The Music Is Not Enough

You’ve got to have an identity.

And around that identity you build culture.

And when people adhere to your identity, buy into your culture, you have a cult. And then you can sustain, which is what the music business is all about. The money’s in the long term. That’s the streaming paradigm. It’s not what you  make today, but what you make over the life of the copyright.

This is anathema to the major label. No one working there has skin in the game, no one working there will be employed long enough to reap the rewards of long term investment.

But it’s even worse. The major labels are all focused on one thing, image, and that’s a bygone paradigm.

You remember the MTV era, right? Or maybe you don’t, but it was all about a pretty face. The classic rockers were up in arms, believing it should be about the music. They reluctantly made videos. And they were ultimately left behind. You found the person, then you built the act around them, via stylists, via high end production, it was all about the image.

But if you want image today, you go with the Kardashians, the rest of the model elite. That’s all they are selling, they’re inherently two-dimensional. That’s not artistry, that’s business. And by going into competition with the Kardashians, et al, the music business loses again and again. As for all those brand extensions… The Kardashians are about makeup, fragrances, clothing, that’s their essence. For an artist that’s the penumbra. It cheapens the so-called brand and is an also-ran to the Kardashians, looking bad in comparison.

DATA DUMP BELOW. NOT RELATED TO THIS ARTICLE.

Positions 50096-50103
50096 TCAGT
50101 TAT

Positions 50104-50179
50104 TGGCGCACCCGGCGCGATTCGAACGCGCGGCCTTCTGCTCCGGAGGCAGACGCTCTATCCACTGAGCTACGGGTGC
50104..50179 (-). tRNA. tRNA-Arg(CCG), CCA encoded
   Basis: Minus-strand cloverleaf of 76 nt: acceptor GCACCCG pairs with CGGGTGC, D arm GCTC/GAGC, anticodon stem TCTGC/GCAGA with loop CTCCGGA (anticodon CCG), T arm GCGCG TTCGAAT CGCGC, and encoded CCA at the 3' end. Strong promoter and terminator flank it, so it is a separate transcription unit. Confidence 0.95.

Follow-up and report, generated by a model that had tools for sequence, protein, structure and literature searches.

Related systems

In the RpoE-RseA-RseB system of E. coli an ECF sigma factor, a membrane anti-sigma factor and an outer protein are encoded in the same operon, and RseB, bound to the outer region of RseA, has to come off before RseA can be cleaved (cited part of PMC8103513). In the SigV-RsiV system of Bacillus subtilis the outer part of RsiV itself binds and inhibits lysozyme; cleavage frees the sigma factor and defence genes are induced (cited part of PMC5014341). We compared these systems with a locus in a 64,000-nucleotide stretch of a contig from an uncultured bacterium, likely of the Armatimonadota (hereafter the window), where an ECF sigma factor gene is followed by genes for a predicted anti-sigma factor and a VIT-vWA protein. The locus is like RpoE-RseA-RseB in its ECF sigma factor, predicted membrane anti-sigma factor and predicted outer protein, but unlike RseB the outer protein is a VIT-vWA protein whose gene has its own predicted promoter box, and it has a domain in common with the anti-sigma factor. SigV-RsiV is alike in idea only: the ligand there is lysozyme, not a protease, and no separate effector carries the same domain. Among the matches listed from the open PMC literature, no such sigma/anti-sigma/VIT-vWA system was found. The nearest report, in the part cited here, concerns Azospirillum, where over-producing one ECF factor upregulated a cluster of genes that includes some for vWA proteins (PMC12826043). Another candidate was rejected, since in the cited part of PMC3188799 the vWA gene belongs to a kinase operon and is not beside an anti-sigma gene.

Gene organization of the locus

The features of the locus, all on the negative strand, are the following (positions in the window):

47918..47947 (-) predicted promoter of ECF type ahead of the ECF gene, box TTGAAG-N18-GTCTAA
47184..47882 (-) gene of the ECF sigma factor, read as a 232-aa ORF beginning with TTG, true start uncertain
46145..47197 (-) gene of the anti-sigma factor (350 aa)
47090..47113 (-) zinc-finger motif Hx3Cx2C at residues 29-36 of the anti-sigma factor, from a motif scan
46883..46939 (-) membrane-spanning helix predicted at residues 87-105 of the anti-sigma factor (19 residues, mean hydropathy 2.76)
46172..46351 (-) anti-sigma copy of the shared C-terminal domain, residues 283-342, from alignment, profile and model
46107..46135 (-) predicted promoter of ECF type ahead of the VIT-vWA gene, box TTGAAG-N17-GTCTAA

Notice that there are no movie stars anymore? Because they sell image, not identity. They’re different in every film/TV show/production. And in the internet era, with so much information available, most can be seen to be nincompoops, or narcissists focused on plastic surgery to achieve an image that is fake, but palatable to Hollywood, which has lost direction too. Sure, there are blockbuster high concept movies, featuring comic book characters. But the only other avenue of success is story, and that’s exactly what the studios don’t want, because it’s a risk, you’re starting from ground zero each and every time and you could experience complete failure. But streaming TV is all about story and risk, which is why it’s triumphed, supplanted movies, because people can relate to it, can be wowed, can be intrigued in a way the big screen has abdicated.

So if the music is not enough…